4. On appeal, the Appellate Assistant Commissioner took a contrary view. His conclusion was that the arrangement embodied in the writing executed by the five persons on 6th October, 1947, was in the nature of a sub-partnership between the assessee and the four others. He observed that the agreement between these persons was an agreement for diverting the income of the assessee by an overriding title and, therefore, it did not amount to a division of profits after accrual of the same as was found by the Income-tax Officer.
5. The matter was carried in appeal to the Tribunal. It was argued by Mr. Samarth, the learned counsel for the assessee, who also appears before us, that the assessee could only be assessed in respect of his 'real income' and that the 'real income' of the assessee was what his 2/5th share under the arrangement and agreement between the five persons brought to him. He also argued that the agreement had the effect of making an effective alienation at source by an overriding title created by it. The Tribunal rejected both the contentions urged on behalf of the assessee. The Tribunal has observed in its judgment that the theory of 'real income' was being over-worked in the case before them. The Tribunal followed a decision of this court in the case of Dwarkadas Vassaanji. That case has little bearing on the case before us and we will only observe that Mr. G. N. Joshi, learned counsel for the Revenue, has not even drawn our attention to the same nor has he sought to rely on it.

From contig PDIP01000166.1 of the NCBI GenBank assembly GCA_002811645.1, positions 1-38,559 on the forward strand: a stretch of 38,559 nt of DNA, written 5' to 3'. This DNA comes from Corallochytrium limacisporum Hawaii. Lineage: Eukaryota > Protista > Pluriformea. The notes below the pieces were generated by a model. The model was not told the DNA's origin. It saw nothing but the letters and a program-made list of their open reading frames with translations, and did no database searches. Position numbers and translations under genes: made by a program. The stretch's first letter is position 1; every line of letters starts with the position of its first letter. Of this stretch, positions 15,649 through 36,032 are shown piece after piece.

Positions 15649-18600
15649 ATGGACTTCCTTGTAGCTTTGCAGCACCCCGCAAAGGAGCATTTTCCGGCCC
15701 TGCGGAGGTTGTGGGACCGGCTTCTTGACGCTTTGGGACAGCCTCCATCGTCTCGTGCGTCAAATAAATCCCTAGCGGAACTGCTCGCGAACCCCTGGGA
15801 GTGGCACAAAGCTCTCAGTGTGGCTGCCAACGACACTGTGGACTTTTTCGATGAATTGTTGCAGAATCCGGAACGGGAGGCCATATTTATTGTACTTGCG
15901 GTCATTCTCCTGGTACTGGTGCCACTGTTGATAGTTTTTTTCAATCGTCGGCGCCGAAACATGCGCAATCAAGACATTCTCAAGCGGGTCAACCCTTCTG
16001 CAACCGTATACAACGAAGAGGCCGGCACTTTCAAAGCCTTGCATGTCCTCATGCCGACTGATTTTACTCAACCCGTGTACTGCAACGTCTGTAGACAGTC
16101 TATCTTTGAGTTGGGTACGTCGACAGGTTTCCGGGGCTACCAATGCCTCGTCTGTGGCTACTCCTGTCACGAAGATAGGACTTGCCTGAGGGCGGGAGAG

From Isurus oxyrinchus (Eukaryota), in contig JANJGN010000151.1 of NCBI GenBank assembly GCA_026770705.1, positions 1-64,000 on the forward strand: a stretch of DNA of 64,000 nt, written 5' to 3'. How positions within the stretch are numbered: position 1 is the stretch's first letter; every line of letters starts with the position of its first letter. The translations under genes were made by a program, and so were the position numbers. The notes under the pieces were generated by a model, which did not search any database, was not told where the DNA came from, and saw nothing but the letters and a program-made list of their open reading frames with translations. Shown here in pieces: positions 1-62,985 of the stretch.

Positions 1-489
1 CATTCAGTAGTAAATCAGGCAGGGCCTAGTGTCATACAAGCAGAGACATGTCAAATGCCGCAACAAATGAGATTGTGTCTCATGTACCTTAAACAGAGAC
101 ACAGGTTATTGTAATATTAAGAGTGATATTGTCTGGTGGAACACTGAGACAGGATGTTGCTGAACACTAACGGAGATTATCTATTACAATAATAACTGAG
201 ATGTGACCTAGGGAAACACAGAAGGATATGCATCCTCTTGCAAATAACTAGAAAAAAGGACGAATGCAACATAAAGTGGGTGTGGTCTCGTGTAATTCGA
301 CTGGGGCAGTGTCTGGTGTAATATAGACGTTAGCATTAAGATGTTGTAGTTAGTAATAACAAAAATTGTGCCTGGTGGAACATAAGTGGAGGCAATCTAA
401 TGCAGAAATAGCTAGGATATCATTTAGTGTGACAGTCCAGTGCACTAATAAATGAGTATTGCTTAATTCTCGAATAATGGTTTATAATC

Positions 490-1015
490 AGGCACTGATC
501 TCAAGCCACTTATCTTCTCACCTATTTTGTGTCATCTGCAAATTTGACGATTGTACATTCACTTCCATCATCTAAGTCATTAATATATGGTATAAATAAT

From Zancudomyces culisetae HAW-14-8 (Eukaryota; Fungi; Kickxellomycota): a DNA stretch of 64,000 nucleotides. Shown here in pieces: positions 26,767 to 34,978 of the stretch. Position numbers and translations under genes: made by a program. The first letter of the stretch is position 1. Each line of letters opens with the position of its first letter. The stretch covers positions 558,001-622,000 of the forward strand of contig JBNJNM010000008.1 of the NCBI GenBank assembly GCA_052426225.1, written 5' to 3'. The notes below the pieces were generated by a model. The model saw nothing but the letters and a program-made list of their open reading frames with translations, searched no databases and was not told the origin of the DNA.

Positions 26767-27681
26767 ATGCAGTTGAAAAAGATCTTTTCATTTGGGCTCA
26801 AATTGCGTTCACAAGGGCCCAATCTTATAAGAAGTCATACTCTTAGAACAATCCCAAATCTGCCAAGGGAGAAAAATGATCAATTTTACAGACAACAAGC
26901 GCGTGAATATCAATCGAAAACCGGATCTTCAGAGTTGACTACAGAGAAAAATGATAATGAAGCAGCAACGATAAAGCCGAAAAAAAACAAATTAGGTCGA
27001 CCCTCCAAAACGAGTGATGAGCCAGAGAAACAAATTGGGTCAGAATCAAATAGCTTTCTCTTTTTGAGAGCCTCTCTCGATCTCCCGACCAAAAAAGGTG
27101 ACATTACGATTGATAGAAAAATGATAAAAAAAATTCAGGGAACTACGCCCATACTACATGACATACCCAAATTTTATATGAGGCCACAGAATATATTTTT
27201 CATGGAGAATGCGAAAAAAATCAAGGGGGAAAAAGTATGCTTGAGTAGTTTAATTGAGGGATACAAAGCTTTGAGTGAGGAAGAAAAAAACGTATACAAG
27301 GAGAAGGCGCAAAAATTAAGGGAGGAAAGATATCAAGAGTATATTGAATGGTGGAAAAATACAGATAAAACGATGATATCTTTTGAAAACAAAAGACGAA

6. An attempt was made before the Tribunal on behalf of the Revenue to suggest that the agreement between the five persons, dated 6th October, 1947, was not a genuine one. The Tribunal did not allow the Revenue to raise that contention and the matter proceeded on the footing that the agreement of 6th October, 1947, which was executed on the same day on which the partnership agreement of what we may describe as the a print firm was also executed and the arrangement arrived at between the five persons, reflected the true position.
7. The question we are called upon to determine is :
'Whether, having regard to the provisions of sections 26A, 23(5)(a), 16(1)(b) and the agreement dated 6th October, 1947, between the assessee and the four parsons, the sum of Rs. 14,661 or Rs. 5,864 shall be assessed in the hands of the assessee as the share in the profits of the registered firm, Bombay Salt Dealers' Syndicate.'